Thursday, January 26, 2012

Burns Day and Mock-a-Leekie Pie

Robert Burns is the national poet of Scotland. His birthday (25. January) is celebrated as Burns Day or Burns Supper througout Scotland but also beyond. His nephew was a founding father of Dunedin in New Zeanland and so it is quite an international festivity. Although I can't warm up to the idea of eating Haggis (although luckily there are vegetarian Haggis recipes around) Burns' famous poem 'Address to a Haggis' made this dish the most eaten one at his birthday.
Even though he probably liked his Haggis, Burns was actually a very empathic person.
In my favourite poem of his, 'To a Mouse' he says

Wee, sleekit, cowrin, tim'rous beastie,
O, what a panic's in thy breastie! 
Thou need na start awa sae hasty
Wi bickering brattle!
I wad be laith to rin an' chase thee,
Wi' murdering pattle.

I'm truly sorry man's dominion
Has broken Nature's social union,
An' justifies that ill opinion
Which makes thee startle
At me, thy poor, earth born companion 
An' fellow mortal!

In case you can't understand it, here is an English translation :)

Since he was so caring about a little mouse I thought it is only justified to make a veggie dish today. So I adjusted the Burns Supper cock-a-leekie (chicken and leek soup) and made a mock-a-leekie pie.

Here are the main ingredients:

The pie cooking in the pot:

and a cover-up with puff pastry:

In case you don't want to wait till next year and try the mock-a-leekie right now, I give you a rough recipe. I didn't make notes during cooking, so you have to go with your instincts and correct the amounts or add spices to your liking. Under no circumstances leave out the prunes; I was really surprised how nice the slightly tart prunes came out.

Mock-a-Leekie Pie (for 2-3 persons)

  •  olive oil for frying
  • 3 leeks, sliced
  • 2 carrots, sliced
  • 1 parsnip, cut in chunks
  • 1 potato, cut in cubes
  • 1/2 cup of pearl barley
  • 2 tablespoons of white wine for deglazing
  • ca. 1 and 1/2 cups of veggie broth
  • 1 bay leave
  • 1-2 garlic cloves, finely diced
  • thyme
  • parsley (I didn't have one, but I wish I had, so next time I will put some in)
  • guinea pepper, salt
  • soy creamer (optional; the barley became so creamy on its own, that I will not use it next time)
  • 1/2 cup of prunes, chopped
  • 4 sheets of vegan puff pastry (rolled out according to the size of your baking dish)
What to do

Heat the olive oil in a wide pan and fry the carrots, potato, and parsnip for a couple of minutes (add some salt to draw out the juices; so they don't burn but rather roast in their own juice). Add the leek, garlic, and the barley and stir until barley is glazed and shiny. Add the white wine and let it evaporate; then add the broth (like in a risotto not all at once, so you can better adjust for the thickness of your stew), thyme, and the laurel leaf and let simmer for about 10 minutes.

Season with guinea pepper (or normal black pepper) and salt. If using soy cream, add a good dollop. Then add the prunes and cover your pie with the rolled out puff pastry. If you have time and fancy some decoration please go ahead and make a nice decor :)

Brush your pastry with water or water-thinned soy cream (a good replacement for egg-wash) and put in the oven for about 15 minutes. Enjoy!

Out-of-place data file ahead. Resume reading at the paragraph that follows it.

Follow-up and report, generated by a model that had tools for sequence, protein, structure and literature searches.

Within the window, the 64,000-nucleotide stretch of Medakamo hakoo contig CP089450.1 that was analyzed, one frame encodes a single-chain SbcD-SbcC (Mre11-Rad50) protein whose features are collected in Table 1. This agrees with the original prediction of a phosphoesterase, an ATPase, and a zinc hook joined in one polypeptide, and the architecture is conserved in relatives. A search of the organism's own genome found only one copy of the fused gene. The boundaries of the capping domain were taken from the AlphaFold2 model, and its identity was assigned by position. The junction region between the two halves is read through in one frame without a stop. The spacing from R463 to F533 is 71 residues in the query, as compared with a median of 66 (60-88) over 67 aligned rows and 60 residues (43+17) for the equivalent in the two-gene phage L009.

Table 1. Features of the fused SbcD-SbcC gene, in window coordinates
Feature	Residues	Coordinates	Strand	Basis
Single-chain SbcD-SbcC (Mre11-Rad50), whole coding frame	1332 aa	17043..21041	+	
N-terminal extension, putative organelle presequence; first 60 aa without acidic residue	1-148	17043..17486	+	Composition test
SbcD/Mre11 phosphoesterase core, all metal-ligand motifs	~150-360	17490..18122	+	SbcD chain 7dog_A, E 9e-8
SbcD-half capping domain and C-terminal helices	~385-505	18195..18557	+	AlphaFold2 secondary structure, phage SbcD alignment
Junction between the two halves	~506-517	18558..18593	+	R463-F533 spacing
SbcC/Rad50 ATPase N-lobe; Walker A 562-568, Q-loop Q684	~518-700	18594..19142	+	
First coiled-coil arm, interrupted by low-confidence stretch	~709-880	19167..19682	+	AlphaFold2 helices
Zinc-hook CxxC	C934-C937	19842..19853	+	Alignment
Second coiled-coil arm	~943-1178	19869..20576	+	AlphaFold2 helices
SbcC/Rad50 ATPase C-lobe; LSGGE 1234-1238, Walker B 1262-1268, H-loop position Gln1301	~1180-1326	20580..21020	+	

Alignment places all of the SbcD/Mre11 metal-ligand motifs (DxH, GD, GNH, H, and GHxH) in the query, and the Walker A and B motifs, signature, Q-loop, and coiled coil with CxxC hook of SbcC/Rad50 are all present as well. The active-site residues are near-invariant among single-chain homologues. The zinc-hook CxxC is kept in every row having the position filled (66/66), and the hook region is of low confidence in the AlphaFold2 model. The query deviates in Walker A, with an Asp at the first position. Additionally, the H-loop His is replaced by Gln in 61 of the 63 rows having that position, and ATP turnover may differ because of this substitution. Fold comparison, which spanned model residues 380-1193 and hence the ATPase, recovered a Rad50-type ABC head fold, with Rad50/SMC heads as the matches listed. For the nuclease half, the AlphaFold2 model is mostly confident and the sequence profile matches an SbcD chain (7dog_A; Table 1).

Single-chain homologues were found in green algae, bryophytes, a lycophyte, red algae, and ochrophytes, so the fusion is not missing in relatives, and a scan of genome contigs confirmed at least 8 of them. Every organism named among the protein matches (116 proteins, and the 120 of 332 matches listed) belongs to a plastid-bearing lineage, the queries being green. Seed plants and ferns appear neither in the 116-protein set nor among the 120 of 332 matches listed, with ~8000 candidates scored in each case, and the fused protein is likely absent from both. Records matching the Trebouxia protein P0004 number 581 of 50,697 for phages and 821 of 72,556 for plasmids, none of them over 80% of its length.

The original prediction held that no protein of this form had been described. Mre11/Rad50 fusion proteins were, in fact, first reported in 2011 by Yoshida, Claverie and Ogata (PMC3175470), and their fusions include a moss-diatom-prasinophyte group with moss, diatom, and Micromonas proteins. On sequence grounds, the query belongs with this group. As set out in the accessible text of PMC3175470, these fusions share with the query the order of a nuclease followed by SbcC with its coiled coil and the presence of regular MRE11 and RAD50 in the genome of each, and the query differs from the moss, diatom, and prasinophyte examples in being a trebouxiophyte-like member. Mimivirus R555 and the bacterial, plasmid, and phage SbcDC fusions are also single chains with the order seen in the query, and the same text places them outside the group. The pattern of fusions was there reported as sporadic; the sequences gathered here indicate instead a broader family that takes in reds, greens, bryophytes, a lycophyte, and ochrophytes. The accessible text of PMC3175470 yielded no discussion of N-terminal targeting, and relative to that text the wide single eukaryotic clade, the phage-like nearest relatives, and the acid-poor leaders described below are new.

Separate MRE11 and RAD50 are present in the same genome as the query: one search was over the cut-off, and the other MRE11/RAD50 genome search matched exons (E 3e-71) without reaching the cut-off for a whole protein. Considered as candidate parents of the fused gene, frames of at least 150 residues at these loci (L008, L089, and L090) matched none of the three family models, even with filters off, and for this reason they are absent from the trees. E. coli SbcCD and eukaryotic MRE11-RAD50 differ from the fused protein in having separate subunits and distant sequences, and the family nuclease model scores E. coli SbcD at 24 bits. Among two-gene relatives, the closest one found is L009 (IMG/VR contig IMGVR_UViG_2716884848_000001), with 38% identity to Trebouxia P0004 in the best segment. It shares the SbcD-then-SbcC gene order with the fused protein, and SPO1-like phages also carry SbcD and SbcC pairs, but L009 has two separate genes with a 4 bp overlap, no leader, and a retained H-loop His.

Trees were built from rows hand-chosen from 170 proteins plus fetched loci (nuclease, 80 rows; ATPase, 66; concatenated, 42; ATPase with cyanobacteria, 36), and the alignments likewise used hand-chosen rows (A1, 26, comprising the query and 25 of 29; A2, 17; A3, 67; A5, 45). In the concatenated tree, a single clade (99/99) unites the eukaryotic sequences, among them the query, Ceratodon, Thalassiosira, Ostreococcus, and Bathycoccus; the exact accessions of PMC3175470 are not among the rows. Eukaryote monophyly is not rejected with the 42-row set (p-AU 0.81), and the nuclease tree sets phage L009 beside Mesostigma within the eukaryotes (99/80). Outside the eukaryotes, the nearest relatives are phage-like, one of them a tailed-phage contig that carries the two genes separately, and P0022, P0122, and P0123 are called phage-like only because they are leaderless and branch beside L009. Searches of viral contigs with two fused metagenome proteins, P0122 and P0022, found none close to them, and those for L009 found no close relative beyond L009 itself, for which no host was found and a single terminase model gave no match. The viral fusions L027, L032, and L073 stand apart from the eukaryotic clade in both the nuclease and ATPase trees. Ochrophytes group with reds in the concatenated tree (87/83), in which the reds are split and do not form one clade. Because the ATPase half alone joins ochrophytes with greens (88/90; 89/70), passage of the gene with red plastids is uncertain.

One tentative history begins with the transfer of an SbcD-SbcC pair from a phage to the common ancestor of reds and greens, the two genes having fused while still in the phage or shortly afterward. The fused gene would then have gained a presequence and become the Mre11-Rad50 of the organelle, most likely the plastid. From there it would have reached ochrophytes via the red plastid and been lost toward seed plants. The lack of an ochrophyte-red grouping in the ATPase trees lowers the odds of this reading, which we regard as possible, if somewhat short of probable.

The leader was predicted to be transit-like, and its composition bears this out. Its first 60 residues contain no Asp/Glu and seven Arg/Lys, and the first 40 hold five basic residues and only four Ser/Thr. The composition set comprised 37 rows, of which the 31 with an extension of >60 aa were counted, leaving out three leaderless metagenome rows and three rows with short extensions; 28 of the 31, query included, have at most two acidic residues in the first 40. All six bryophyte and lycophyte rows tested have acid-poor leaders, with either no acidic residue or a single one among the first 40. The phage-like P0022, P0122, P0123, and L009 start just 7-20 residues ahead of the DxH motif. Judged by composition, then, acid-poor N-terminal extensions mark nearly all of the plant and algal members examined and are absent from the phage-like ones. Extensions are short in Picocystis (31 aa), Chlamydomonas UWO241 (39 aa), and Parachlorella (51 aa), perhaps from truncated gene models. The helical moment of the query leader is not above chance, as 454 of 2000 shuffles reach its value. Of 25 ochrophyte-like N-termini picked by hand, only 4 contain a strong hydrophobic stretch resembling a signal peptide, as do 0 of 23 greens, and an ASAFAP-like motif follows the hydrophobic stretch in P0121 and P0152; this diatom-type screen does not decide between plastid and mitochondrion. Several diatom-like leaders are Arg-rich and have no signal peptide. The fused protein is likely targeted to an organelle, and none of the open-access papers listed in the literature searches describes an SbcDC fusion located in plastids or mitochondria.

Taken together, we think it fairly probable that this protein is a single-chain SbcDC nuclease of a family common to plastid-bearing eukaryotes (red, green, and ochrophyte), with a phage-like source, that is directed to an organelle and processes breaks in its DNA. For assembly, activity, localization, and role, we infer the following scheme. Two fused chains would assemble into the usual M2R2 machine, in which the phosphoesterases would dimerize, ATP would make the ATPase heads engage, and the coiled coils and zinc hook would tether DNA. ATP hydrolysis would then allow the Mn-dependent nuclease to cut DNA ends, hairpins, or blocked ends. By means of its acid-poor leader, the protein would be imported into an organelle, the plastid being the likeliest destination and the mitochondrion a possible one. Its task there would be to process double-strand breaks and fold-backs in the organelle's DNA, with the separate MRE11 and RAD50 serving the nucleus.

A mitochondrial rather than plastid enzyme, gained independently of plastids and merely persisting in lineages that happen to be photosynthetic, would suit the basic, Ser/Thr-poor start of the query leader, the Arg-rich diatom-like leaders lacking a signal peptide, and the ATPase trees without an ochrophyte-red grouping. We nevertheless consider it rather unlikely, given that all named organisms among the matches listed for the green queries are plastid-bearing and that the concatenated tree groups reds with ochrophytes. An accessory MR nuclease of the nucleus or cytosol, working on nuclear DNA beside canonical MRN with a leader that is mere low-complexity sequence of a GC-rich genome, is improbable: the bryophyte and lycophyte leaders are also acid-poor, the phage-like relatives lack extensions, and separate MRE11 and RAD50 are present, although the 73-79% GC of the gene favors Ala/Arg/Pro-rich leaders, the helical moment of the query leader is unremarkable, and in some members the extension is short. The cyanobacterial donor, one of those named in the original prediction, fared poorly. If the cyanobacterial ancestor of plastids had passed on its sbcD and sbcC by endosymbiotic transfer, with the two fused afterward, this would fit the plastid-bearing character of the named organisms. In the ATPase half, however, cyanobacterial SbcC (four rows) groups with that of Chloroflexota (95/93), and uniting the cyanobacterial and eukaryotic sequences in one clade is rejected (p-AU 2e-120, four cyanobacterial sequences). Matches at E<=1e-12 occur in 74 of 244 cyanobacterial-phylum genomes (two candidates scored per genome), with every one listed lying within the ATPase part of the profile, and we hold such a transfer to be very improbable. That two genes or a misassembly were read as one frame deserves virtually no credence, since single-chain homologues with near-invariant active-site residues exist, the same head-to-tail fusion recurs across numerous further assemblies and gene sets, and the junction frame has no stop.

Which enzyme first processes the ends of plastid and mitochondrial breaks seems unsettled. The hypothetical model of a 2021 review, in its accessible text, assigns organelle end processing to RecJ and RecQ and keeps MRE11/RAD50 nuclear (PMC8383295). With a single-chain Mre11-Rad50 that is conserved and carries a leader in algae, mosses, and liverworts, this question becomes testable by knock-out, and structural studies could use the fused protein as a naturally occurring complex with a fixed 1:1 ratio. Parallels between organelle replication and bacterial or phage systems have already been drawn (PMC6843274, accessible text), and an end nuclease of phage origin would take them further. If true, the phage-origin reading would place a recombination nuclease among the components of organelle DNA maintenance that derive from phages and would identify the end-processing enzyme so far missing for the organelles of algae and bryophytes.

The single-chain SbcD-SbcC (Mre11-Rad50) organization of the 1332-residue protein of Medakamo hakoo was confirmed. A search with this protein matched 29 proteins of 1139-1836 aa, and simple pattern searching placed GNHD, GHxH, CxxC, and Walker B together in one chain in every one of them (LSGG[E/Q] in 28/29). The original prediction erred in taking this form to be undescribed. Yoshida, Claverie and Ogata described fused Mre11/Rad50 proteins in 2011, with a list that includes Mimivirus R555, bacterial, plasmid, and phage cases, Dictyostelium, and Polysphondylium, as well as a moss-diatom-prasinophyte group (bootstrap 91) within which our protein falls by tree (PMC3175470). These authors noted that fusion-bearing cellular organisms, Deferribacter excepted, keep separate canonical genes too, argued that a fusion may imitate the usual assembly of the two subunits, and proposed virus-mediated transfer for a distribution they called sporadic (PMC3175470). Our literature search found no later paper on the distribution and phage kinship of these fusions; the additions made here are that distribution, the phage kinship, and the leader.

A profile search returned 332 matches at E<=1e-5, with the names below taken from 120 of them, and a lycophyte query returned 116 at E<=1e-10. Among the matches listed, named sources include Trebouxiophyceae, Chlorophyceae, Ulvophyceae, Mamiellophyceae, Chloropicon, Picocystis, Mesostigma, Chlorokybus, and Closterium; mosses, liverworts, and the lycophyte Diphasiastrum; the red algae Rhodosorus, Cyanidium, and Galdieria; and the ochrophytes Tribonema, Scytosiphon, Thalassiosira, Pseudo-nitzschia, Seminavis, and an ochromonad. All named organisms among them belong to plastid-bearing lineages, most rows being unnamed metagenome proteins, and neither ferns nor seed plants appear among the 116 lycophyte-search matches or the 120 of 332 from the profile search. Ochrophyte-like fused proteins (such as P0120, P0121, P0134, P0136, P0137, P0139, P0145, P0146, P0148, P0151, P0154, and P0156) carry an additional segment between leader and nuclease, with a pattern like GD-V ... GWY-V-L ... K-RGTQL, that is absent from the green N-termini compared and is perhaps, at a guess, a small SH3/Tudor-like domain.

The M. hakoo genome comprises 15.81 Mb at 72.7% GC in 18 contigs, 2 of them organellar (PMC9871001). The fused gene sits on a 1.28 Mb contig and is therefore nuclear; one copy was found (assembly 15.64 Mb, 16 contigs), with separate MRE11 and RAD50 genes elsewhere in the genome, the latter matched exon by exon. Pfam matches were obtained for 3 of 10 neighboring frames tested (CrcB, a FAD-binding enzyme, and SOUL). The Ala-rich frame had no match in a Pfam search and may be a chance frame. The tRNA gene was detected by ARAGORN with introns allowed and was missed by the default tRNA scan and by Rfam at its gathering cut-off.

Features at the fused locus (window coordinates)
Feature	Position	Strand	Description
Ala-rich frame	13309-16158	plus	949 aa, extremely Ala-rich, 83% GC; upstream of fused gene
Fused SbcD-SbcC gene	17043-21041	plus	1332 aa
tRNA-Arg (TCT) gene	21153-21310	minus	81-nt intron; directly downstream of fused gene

And because this is full of winter veggies I am also sending it to a German blog event called Wintergemüse (winter vegetables) on buchcooks kitchen. She also has a birthday to celebrate: her blog will be one year old in February. Happy birthday bushcook!

Wednesday, January 25, 2012

I'm back! - From Abu Dhabi

Well, here I am again. Nobody seems to have missed me. But that doesn't stop me from pestering you with new blog entries.

So here is the first one for this year. Maybe it's best to let you know where I was between the years and post a camel photo (that's what I promised you after all). We spent our Christmas holidays in beautiful United Arab Emirates, in Abu Dhabi to be more exact. I'll just give you some impressions on how diverse a holiday in the desert can be.
At first we stayed at the Qasr al Sarab Desert Resort. Nice, isn't it?

Only surrounded by desert and camels

the desserts in the desert were just fabulous. Who can resist a gilded raspberry?

or a lovely apple tart at the pool?

 Morning fog:

We spent some time in Abu Dhabi City. The most impressive building was certainly the Sheikh Zayed Grand Mosque, unbelievably beautiful. I had to wear an abaya though to get in :)

A short expedition into the Jebel Haffit mountains:

and to Al Ain where the National Museum is.

I just had to add a second photo from the museum. It's got a camel on it! Look!

The Al Ain Oasis with date palms:

 Hatta Dam in the Hajar mountains:

The famous Hatta rock pools:

 Hatta Fort tower:

Back in the city - underground camels:

and of course shopping malls with Christmas trees:

Actually I haven't finished with Abu Dhabi yet. There is so much to see and do, I have to get back. There is a lot of archaeology still waiting for me. For some we needed a pass to get in because they were on private ground, others had different opening times to what the webpages said or I only discovered them on the go - so to speak. Other sites we wanted to see needed an SUV and we only rented a normal car. We tried, but you can only go so far into the sand with a city car :(

I will make proper preparations next time and hope to be able to return soon. Abu Dhabi has so muchmore to offer than oil. And don't forget all the camels ...